The next stop on our 'Residence' road trip, takes us to the Olympiastadion in Munich. A venue that has played host to the highest levels of the elite scene, this unique structure has experienced everything from World Cup finals to European Championships.

The Olympiastadion was the centre piece of the 1972 Olympics Games that were held in Munich. Originally, with a capacity of 80,000 it has evolved over time though its design remains ever-inspiring and time has yet to catch up with the architectural vision. Going on to host the 1974 FIFA World Cup Final and the UEFA Euro 1988 Final, it was also the venue of the European Cup Final in 1979, 1993 and 1997. Not just one for the international stage, club football has thrived here with Bayern Munich and TSV 1860 Munich calling it home until the build of the Allianz Arena for the 2006 FIFA World Cup.

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The stadium was imagined and designed by the world renowned German architect Günther Behnisch and engineer Frei Otto. The vision was to imitate the Alps and build a positive message around open minded democracy as the 1972 Olympic Games were dubbed "The Cheerful Games" ahead of the opening ceremony. Visually deceptive, the capacity of the stadium is hard to imagine and it's a groundhoppers dream that plays tricks on the eyes. There's no tiers in this stadium. The bowl, which half open to the elements, has an enormously open though welcoming feel and while a running track circles the pitch, you don't feel distant from proceedings. Although Bayern have moved to the majestic Allianz Arena, this stadium will leaving you thirsty to see football in such a bespoke setting.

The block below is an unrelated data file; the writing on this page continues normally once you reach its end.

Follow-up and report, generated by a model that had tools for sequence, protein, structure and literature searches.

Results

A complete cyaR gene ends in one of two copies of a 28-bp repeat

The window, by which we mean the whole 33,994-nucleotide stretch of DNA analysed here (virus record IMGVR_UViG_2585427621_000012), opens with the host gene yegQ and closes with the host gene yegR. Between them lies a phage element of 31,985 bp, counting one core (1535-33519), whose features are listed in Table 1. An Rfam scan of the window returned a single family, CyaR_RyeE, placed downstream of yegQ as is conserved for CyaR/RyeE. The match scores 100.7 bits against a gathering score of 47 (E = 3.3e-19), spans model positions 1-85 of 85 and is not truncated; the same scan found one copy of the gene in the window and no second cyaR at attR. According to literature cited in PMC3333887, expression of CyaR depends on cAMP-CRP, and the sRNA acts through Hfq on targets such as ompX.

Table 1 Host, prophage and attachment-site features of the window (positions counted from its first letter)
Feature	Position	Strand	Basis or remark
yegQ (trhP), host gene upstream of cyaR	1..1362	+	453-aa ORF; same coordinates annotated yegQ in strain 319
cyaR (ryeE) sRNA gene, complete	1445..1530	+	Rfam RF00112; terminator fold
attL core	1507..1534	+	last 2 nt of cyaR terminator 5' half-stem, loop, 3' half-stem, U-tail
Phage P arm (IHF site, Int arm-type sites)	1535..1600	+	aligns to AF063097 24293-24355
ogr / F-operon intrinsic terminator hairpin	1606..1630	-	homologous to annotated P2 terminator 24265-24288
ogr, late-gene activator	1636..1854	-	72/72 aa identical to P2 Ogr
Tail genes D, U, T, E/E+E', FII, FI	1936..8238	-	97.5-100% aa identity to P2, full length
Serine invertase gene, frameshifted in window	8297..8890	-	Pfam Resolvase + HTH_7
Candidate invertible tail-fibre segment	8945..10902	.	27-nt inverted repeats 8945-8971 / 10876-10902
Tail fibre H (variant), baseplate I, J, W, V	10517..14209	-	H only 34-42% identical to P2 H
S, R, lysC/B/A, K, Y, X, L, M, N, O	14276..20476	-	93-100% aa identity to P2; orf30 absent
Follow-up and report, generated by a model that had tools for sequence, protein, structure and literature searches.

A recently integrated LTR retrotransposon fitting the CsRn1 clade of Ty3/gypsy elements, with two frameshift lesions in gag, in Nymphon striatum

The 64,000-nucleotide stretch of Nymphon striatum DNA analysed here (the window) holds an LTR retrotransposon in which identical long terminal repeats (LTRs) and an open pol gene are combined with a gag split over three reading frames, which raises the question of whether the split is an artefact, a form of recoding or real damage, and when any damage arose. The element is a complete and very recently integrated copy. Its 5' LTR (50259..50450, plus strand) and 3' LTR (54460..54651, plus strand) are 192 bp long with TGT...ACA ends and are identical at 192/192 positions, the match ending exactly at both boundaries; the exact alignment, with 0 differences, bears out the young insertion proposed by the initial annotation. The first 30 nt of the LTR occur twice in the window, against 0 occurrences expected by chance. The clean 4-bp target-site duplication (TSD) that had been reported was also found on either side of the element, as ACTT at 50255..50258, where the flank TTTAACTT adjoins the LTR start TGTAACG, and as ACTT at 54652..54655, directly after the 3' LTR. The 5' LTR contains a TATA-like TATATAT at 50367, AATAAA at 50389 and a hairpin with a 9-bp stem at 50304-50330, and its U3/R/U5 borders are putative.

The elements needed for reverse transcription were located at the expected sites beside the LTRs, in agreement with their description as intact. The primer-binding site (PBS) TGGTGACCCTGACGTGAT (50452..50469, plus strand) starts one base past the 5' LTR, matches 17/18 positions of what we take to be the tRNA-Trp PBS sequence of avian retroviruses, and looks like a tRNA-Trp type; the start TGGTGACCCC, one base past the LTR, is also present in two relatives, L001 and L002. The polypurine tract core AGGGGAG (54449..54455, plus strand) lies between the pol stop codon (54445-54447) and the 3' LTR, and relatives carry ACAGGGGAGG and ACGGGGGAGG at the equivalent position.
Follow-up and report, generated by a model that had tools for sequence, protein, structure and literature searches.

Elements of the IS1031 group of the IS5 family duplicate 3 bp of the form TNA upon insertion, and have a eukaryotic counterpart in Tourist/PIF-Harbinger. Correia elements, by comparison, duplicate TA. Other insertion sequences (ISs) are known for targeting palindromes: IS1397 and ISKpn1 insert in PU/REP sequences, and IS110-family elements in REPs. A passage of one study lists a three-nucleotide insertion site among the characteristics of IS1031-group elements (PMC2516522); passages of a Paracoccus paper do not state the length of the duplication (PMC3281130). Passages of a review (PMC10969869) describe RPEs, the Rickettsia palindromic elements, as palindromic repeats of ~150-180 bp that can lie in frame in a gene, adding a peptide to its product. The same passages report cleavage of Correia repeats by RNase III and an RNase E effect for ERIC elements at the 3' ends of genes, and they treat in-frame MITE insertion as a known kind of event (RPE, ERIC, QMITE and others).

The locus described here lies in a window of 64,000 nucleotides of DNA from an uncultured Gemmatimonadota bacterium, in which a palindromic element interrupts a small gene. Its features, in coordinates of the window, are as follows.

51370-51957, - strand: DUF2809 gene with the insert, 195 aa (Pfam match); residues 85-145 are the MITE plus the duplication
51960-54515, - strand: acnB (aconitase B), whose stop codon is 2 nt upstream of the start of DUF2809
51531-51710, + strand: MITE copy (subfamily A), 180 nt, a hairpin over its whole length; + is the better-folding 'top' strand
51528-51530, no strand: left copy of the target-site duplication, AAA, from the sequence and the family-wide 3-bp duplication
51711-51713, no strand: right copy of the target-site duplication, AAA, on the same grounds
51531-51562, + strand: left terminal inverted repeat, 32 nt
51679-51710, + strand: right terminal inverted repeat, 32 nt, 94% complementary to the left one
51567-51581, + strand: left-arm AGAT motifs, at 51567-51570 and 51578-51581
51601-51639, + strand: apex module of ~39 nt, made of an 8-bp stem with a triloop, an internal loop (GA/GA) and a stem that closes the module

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Having experienced joys and spoils, it was famously the location where England beat Germany 1-5 in the build up to the 2002 World Cup - which was also the last outing for the German National Team at the stadium. From football to music to the largest geo-caching event in-between, the multi-purpose use of the stadium is unquestionable and the green seats reflect the natural setting the stadium sits in. The wider Olympic Park, to which the Olympiastadion sits at the centre, is an evergreen lay of the land. Every element has been considered in this space.

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A place well worthy of the topflight today, let's hope football returns to this prized stadium.  It's a visual masterpiece that defies the modern trend of football stadium design and while each serve their purpose, this re-sets the thinking when it comes to breaking the mould.